Hidden behind an ivied gate in the Spanish town of Castellón, Gasma is a culinary school with a campus set within the historic Villa Dolores, originally built in 1879. The grounds include an idyllic garden, a pool, kitchens, and classrooms—as well as a wine cellar and bar that used to be a bomb shelter. The bunker is a testament to the myriad roles the villa has served throughout its 141 years: dating back to the agricultural revolution of the late 19th century, it produced citrus before serving turns as military headquarters, a currency factory, and the U.S. embassy during the Spanish Civil War.
Though rooted in history, Gasma keeps up with the times: the well-equipped, forward-thinking classrooms and test kitchens belie the traditional, gabled building that holds them. Throughout the grounds, surfaces have been clad in hardy Neolith, a sintered stone product made from raw materials that have been compressed under colossal pressure and baked in extreme heat. Customizable to mimic virtually any type of surface, resistant to heat and scratching, nonporous, nonslip, and easy to clean, it’s a natural material selection for the school’s countertops and walls.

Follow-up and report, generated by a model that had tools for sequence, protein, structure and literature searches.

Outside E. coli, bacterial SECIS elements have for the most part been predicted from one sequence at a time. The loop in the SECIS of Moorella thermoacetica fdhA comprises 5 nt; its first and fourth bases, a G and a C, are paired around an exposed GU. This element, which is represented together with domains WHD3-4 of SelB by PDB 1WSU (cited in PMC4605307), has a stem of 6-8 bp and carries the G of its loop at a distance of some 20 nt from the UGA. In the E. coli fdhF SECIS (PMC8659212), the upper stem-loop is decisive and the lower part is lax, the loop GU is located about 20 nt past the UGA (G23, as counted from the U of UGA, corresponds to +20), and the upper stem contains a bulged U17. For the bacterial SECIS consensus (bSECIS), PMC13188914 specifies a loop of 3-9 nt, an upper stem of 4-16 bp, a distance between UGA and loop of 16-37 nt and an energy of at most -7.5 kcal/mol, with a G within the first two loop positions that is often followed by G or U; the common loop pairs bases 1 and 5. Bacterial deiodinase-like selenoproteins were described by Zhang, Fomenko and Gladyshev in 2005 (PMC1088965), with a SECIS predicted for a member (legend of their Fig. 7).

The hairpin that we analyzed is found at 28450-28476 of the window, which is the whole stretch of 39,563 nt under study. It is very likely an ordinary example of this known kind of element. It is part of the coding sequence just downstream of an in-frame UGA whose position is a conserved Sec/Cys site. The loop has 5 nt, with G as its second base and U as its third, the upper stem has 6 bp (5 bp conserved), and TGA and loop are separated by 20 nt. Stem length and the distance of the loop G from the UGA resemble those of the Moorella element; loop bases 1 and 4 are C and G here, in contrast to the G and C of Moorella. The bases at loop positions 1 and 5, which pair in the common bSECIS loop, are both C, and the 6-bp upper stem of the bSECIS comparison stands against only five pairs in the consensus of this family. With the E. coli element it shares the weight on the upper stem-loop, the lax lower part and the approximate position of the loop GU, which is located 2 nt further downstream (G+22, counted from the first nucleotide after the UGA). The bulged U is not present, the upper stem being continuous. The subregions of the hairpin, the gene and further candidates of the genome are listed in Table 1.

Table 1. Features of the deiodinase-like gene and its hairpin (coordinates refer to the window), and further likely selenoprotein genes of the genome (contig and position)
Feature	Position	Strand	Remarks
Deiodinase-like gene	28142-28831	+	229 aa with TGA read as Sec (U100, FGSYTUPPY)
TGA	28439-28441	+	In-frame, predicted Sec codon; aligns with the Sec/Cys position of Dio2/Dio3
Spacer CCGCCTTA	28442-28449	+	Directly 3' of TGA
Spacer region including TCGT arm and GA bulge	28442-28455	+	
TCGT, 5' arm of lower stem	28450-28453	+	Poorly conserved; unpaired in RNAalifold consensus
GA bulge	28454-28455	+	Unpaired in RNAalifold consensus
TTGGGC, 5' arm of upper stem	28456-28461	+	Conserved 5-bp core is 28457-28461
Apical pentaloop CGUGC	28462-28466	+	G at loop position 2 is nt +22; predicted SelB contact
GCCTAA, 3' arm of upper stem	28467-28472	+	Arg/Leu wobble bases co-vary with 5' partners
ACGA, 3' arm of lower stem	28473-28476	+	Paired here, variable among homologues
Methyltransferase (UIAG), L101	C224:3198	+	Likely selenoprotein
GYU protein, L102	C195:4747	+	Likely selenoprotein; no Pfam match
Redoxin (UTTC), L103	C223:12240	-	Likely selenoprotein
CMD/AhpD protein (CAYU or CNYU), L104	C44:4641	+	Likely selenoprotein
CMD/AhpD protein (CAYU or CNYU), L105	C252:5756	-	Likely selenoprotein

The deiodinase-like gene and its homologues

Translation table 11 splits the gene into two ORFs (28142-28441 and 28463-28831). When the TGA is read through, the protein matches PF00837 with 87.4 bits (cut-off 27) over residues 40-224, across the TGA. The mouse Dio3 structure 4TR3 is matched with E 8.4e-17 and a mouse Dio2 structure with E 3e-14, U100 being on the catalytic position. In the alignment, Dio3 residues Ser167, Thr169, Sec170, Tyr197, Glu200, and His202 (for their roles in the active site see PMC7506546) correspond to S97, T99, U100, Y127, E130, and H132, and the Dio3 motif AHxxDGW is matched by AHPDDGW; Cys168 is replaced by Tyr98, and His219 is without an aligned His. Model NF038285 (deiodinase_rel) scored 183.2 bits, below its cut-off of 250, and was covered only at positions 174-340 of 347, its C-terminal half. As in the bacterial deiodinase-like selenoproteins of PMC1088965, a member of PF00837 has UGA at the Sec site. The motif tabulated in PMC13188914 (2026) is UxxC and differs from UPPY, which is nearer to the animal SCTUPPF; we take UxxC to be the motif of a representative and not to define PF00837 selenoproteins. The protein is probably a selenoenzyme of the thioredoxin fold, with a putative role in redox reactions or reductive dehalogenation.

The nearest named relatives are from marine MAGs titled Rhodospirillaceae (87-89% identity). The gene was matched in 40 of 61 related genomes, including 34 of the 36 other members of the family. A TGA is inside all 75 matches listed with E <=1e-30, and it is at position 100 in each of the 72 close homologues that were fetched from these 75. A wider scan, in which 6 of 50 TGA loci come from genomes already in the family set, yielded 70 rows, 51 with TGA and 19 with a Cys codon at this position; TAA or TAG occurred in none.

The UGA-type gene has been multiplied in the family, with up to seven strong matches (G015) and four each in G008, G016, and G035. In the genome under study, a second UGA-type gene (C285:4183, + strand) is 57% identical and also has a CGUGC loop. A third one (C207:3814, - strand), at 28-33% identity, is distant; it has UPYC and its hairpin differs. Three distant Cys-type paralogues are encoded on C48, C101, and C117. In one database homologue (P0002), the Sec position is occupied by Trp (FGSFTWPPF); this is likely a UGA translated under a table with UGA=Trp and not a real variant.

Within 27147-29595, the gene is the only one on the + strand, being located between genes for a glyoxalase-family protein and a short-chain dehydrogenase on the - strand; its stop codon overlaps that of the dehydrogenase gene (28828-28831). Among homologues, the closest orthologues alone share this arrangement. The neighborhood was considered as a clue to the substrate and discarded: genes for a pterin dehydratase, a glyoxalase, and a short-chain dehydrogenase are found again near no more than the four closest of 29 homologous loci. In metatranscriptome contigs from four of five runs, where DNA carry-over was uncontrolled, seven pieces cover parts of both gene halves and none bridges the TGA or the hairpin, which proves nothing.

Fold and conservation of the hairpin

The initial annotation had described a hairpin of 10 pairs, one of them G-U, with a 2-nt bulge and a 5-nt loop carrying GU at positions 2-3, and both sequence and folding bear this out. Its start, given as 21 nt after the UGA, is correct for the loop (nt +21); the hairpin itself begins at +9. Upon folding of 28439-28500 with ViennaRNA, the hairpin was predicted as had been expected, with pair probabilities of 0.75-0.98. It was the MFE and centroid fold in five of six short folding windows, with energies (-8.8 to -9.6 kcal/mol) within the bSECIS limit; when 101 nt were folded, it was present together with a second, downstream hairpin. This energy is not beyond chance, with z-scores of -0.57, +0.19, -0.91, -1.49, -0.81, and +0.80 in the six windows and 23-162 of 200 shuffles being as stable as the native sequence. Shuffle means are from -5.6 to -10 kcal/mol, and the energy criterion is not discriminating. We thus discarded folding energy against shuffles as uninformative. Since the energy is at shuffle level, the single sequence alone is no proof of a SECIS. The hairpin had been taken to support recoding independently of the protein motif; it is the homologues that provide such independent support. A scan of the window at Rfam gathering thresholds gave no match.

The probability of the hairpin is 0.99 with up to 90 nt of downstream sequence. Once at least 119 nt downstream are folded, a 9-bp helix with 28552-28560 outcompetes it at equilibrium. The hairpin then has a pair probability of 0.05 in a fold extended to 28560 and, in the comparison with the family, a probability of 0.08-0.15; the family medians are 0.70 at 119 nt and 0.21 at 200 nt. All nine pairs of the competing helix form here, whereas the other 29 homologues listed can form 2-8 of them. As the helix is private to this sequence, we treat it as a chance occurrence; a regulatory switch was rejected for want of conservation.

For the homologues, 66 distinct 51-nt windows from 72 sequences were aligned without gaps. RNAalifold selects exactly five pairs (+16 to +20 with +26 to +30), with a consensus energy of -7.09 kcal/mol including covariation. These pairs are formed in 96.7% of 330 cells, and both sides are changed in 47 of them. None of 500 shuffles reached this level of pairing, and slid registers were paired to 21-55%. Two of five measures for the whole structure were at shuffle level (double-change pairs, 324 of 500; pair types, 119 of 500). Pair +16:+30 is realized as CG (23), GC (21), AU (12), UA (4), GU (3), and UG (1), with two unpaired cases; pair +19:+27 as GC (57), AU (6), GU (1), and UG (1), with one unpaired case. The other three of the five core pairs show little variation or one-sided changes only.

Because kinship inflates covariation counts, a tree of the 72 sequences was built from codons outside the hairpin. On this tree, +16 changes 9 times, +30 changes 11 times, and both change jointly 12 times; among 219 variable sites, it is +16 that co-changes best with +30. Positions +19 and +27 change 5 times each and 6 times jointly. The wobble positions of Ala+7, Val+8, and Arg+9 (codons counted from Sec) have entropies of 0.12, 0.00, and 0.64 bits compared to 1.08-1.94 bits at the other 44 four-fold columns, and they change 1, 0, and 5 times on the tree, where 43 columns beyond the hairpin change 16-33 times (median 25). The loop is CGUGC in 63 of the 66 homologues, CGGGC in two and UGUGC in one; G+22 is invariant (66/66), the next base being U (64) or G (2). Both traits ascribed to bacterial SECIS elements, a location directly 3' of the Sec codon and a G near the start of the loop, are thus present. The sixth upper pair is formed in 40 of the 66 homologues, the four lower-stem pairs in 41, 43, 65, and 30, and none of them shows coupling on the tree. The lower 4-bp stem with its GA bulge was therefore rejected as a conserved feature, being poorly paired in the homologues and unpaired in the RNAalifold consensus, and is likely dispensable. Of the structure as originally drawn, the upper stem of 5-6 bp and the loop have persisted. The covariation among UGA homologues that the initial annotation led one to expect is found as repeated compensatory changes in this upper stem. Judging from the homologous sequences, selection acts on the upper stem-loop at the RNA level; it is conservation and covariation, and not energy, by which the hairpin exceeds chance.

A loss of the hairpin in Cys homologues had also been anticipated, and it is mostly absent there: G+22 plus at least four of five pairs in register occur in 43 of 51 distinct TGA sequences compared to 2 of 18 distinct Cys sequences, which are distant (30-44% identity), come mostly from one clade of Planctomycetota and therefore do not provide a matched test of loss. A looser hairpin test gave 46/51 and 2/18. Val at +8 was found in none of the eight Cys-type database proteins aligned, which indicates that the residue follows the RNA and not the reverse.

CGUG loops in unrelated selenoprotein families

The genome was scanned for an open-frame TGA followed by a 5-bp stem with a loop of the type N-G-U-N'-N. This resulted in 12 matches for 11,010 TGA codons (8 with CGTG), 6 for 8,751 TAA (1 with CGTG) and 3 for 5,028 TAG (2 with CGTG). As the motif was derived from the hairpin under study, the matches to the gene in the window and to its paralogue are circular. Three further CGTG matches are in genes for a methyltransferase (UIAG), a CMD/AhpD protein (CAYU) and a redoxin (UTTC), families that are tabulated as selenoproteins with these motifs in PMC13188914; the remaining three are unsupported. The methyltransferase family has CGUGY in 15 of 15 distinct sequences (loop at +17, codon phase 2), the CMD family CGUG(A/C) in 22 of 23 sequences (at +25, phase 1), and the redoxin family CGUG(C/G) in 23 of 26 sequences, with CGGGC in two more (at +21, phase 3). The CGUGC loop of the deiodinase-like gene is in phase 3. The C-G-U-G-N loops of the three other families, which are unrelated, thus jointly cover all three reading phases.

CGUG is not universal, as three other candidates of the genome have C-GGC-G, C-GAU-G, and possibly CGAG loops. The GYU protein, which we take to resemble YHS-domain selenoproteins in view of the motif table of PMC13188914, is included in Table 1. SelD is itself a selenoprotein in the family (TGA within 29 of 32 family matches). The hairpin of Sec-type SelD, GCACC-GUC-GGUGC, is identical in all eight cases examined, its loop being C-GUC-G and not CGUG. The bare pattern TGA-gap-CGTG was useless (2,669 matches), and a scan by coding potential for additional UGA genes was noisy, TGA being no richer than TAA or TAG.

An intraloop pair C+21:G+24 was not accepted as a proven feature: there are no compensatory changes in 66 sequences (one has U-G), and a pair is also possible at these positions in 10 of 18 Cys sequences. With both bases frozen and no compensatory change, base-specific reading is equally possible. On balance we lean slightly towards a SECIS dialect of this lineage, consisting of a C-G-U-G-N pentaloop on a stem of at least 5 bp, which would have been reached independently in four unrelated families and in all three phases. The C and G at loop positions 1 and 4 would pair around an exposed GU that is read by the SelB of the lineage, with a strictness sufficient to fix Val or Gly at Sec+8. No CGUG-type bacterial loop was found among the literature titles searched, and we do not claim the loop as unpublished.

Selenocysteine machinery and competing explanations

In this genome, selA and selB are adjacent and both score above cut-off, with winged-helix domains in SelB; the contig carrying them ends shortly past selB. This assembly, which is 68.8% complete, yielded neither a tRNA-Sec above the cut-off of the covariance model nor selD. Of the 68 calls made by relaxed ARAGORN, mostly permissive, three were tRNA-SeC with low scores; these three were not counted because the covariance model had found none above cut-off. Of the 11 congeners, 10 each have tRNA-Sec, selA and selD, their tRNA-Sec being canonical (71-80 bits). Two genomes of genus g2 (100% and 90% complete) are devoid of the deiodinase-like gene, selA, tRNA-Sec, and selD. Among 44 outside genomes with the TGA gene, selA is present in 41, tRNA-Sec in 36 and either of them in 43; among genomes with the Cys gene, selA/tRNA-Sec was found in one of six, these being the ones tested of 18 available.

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Travel, meals, and accommodations for this story were provided by Neolith.